Climate risks are increasing. Many of the impacts described in this research paper will be locked in by 2040, and become so severe they go beyond the limits of what many nations can adapt to.
In preparation for the UN Climate Change Conference (COP26), to be held in Glasgow in November 2021, signatories to the 2015 Paris Agreement on climate change are for the first time revising their climate mitigation plans, or nationally determined contributions (NDCs). The Paris Agreement set the common goal of limiting global average temperature increases (relative to pre-industrial levels) to ‘well below’ 2°C and ‘pursuing efforts’ to 1.5°C; and envisaged a five-year revision process to NDCs to encourage increasingly ambitious national pledges. However, the commitments made in line with current NDCs fall far short of limiting global temperature increases to 2°C above pre-industrial levels, let alone 1.5°C. By 2030, under current policies, the gap in annual emissions compared with a 2°C least-cost pathway will have reached 14–17.5 GtCO₂, equivalent to nearly half of current energy sector emissions.
This research paper highlights the risks and likely impacts if the goals set under the Paris Agreement are not met, and the world follows an emissions pathway consistent with recent historical trends. Simply updating – i.e. without significantly enhancing – NDCs will not guarantee the Paris Agreement goals are met; nor will enhanced pledges without swift and decisive delivery of those pledges. The governments of highly emitting countries have an opportunity to accelerate emissions reductions through ambitious revisions of their NDCs, significantly enhancing policy delivery mechanisms, and incentivizing rapid large-scale investment in low-carbon technologies. This will lead to cheaper energy and avert the worst climate impacts.
The COVID-19 pandemic has underscored the interconnections and interdependences between nations, as well as the potential for cascading sectoral impacts with far-reaching consequences for society. This shows, too, the critical need to consider whether existing systems are sufficiently resilient, not only to domestic sectoral shocks but to global adverse trends and events. Climate change is among the greatest such risks.
Risk assessments are a critical tool in enabling decision-makers to allocate appropriate resources, within finite budgets, to the various challenges society faces. Climate change risks are increasing over time, and what might be a small risk in the near term could embody overwhelming impacts in the medium to long term. Risks can be defined by a probability of occurrence and severity of impact; climate risks are no different. This paper presents high-probability, high-impact climate risks as well as low-probability, high-impact climate risks, recognizing that a low-probability outcome may still correspond to a high risk if the impact is severe. Many of the impacts described are likely to be locked in by 2040, and become so severe they go beyond the limits of what many countries can adapt to.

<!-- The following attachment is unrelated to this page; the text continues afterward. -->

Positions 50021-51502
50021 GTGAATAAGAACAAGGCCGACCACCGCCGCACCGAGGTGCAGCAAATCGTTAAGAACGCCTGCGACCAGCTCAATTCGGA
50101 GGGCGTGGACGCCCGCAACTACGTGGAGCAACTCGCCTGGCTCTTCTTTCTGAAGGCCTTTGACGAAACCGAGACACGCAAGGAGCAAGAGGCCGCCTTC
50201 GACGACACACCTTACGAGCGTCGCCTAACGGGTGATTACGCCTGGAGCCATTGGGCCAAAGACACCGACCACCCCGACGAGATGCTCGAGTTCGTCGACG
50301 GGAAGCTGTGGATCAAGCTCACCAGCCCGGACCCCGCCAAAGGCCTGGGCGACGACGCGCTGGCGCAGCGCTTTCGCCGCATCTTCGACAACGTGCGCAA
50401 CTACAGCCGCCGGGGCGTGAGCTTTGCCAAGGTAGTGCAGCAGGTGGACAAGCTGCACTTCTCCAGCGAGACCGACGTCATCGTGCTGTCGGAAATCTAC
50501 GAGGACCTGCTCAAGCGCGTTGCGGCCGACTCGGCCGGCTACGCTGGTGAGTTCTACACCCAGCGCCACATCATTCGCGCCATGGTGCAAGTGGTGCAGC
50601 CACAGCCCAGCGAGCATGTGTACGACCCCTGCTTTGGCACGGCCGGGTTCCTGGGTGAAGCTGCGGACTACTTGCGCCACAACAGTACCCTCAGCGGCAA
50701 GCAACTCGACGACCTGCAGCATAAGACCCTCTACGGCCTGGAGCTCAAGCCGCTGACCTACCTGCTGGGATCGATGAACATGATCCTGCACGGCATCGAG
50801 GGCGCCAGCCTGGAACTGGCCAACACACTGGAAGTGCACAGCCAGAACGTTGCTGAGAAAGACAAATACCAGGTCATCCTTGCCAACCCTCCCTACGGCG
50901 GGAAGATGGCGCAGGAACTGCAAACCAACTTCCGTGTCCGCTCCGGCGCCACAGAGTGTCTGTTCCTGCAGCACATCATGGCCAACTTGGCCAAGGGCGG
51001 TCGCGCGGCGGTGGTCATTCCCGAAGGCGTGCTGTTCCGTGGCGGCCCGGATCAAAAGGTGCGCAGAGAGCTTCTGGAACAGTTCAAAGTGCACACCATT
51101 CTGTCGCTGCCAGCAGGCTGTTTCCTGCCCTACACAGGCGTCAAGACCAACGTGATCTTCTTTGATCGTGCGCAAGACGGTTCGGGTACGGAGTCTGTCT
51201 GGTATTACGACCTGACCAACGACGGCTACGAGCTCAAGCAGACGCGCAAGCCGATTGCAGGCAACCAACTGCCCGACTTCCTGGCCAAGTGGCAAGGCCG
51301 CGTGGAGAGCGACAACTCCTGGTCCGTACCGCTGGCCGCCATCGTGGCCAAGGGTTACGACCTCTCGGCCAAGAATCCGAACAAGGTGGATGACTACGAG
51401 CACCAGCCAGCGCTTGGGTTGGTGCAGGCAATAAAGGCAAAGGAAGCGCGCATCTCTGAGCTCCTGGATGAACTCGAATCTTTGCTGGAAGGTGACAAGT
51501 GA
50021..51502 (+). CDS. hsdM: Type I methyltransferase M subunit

The paper examines emissions risks, and the most significant direct and systemic risks in terms of societal impact, drawing on recent research of impact indicators. The assessment presents central estimates as well as plausible worst-case scenario impacts (see Box 1). A global emissions trajectory represents emissions risks (Chapter 2), under which direct risks are assessed (Chapter 3). Systemic cascading climate risks have been assessed via an expert elicitation process involving 70 climate scientists and sector risk experts (Chapter 4). It is these systemic cascading risks that are in general less well documented, principally as they emerge from the interdependences between various complex systems and as such require input from experts in multiple disciplines. For example, the 2007–08 and 2010–11 global food price spikes arose from relatively modest climate impacts interacting with other factors (e.g. biofuel policy diverting grain to ethanol, low stock transparency) that created a run on grain markets, leading to implementation of export bans and thus further amplifying the price shocks. The expert contributions that have informed this paper aim to go some way in addressing the gap in documenting cascading risks.
The paper builds on two previous phases of risk assessments, and the guiding principle continues to be to ensure transparency regarding what we know, what we don’t know, and what we think, when assessing climate risks.
This paper does not attempt to quantify transition risks; nor is its purpose to provide recommendations as to the climate mitigation policies that countries could implement to minimize the risks arising from climate change. This follows the principles of the previous phases of risk assessments, whereby best practice is to separate risk assessments and risk management strategies.